Chemical Recycling

chemical recycling

Chemical recycling is an umbrella phrase that refers to a variety of up-and-coming technologies in the field of waste management that make it possible to recycle some types of plastics that are either difficult to recycle mechanically or cannot be recycled profitably.

Chemical recycling is a useful supplement to mechanical recycling procedures because it enables additional value to be extracted from polymers that have reached their maximum economic potential when being processed through mechanical means. Formerly difficult-to-recycle plastic items, such as films, multi-layered, and laminated plastics, can now be disposed of by chemical recycling, which acts as  alternative to landfilling and incinerating the materials. In addition, chemical recycling provides virgin-quality raw material to the supply chain for plastics. This makes it possible to produce plastics that are safe for consumption directly from post-consumer waste.

Recycling of chemicals results in an increase in pollution; so-called “green” plastics solutions

The term “chemical recycling” refers to the collection of cutting-edge methods for processing plastics. These technologies are responsible for the release of significant quantities of compounds that are hazardous to the environment. However, according to a recent analysis published by  Natural Resources Defense Council, the majority of these facilities, despite providing fuel and chemicals, do not produce any recycled plastic (NRDC).

With about 240 million metric tonnes of new plastics being produced every year,  growing global hill of plastic waste presently threatens to destabilise the operating system of the Earth, potentially closing the liveable window of climate & biogeochemical circumstances that human civilization has relied upon for survival and over past 12,000 years.

The U.s is among the leading producers of plastic in the world; nevertheless, less than nine percent of the plastic that is produced there is recycled at this time. The majority of recycling is accomplished through the time-honored process of physical sorting & shredding. Plastic industry representatives assert that so-called cutting edge ‘chemical recycling’ or ‘advanced recycling’ technologies, which use heat and solvents to convert plastics waste into fuels and chemical feedstocks, are the most effective recycling solution. These technologies have been dubbed “cutting edge” and “advanced recycling” respectively. However, environmental organisations such as NRDC have expressed worry regarding the emissions of greenhouse gases and the harmful pollution that are produced as a result of these operations.

Does The Recycling Of Chemicals Contribute To Pollution?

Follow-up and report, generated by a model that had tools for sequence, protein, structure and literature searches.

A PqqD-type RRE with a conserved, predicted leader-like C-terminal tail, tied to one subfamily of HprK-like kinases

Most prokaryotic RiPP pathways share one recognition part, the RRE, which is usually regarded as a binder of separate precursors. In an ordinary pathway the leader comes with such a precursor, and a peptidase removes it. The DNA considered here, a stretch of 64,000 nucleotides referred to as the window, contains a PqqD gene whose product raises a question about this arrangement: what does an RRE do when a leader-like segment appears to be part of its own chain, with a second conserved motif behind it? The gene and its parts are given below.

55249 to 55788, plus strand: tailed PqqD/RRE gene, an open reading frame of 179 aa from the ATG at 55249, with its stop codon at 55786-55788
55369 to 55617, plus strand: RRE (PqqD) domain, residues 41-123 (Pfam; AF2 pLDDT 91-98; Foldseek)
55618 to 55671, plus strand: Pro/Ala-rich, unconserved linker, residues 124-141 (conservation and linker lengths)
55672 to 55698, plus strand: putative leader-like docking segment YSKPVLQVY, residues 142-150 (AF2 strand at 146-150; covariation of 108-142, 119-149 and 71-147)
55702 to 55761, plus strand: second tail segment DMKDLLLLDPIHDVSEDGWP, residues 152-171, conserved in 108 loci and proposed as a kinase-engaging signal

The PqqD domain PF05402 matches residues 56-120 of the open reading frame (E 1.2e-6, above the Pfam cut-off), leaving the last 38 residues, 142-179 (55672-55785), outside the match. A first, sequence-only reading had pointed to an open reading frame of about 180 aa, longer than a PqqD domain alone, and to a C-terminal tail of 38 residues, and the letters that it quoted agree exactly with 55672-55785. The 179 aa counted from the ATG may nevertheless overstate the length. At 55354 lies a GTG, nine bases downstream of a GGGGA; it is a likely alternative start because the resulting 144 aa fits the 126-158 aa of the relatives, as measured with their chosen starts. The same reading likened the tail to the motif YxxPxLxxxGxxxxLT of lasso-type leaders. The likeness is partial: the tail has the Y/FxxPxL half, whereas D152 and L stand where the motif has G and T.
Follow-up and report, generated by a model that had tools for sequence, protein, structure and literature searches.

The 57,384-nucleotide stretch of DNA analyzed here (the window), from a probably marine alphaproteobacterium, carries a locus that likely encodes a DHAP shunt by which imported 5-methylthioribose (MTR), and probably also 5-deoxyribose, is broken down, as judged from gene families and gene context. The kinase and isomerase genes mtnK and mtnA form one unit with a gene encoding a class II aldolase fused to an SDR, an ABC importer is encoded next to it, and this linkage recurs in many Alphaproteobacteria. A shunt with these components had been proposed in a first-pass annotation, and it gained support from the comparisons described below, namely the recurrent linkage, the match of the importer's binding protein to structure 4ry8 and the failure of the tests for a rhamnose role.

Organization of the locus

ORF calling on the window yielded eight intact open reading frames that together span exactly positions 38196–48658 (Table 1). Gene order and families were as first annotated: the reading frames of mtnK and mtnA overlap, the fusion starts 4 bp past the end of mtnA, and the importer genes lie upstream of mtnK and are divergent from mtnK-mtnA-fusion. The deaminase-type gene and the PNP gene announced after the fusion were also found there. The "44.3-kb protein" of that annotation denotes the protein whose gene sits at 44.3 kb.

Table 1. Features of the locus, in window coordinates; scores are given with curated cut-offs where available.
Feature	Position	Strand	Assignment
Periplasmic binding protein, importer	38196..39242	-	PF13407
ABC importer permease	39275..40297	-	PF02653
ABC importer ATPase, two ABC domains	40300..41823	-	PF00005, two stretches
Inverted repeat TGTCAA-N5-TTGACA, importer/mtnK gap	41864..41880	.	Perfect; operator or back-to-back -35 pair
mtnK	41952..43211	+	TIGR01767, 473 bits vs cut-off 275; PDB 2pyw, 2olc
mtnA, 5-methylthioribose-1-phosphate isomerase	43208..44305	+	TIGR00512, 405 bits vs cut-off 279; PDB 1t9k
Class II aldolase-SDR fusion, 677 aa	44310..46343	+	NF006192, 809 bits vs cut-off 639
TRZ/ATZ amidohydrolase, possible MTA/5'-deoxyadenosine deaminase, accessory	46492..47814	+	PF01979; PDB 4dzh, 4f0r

During the summer of 2021, the NRDC study compiled data that was readily available to the public from databases maintained by the United States Environmental Protection Agency(EPA) and state environmental licences for chemical recycling centers located all over the United States. They narrowed it down to eight locations that had either already active or were planning to start up operations in the not-too-distant future.

According to the data kept by the EPA, a number of these recycling businesses were illegally getting rid of substantial quantities of hazardous trash. This waste contained substances such as benzene, which is known to cause cancer, along with lead, cadmium, and chromium. The production of harmful pollutants, including chemicals which have been linked to cancer and birth defects, is authorised under environmental permits issued at the state level for six different sites.

According to Veena Singla, an senior researcher at the NRDC who is also the writer of the article, the plants “emitted or were permitted to emit a range of dangerous air contaminants.” “That should most surely raise some concerns for the people who live in such close proximity to one another,” the author writes. The findings of the study indicated that a disproportionate amount of low neighbourhoods & communities people of color were situated in those localities. Additionally, the number of communities of colour was higher than expected. There are approximately 380,000 people who live within 300 Km of each of  8 sites and who are at risk of being harmed as a result of the harmful vapours that are released by those sites.

However, the vice president of public affairs for the Plastics Industry Association, Matt Seaholm, criticized the NRDC report of using “cherry-picked instances, inadequate data, and baseless claims.” According to what he had to say, “Attacks on advanced recycling technology tend to follow the similar pattern: ignoring the advancements & investments from a wide variety of companies, making calls to end plastics production that are unrealistic, & ignoring industry roles on waste-to-fuel recovery.”


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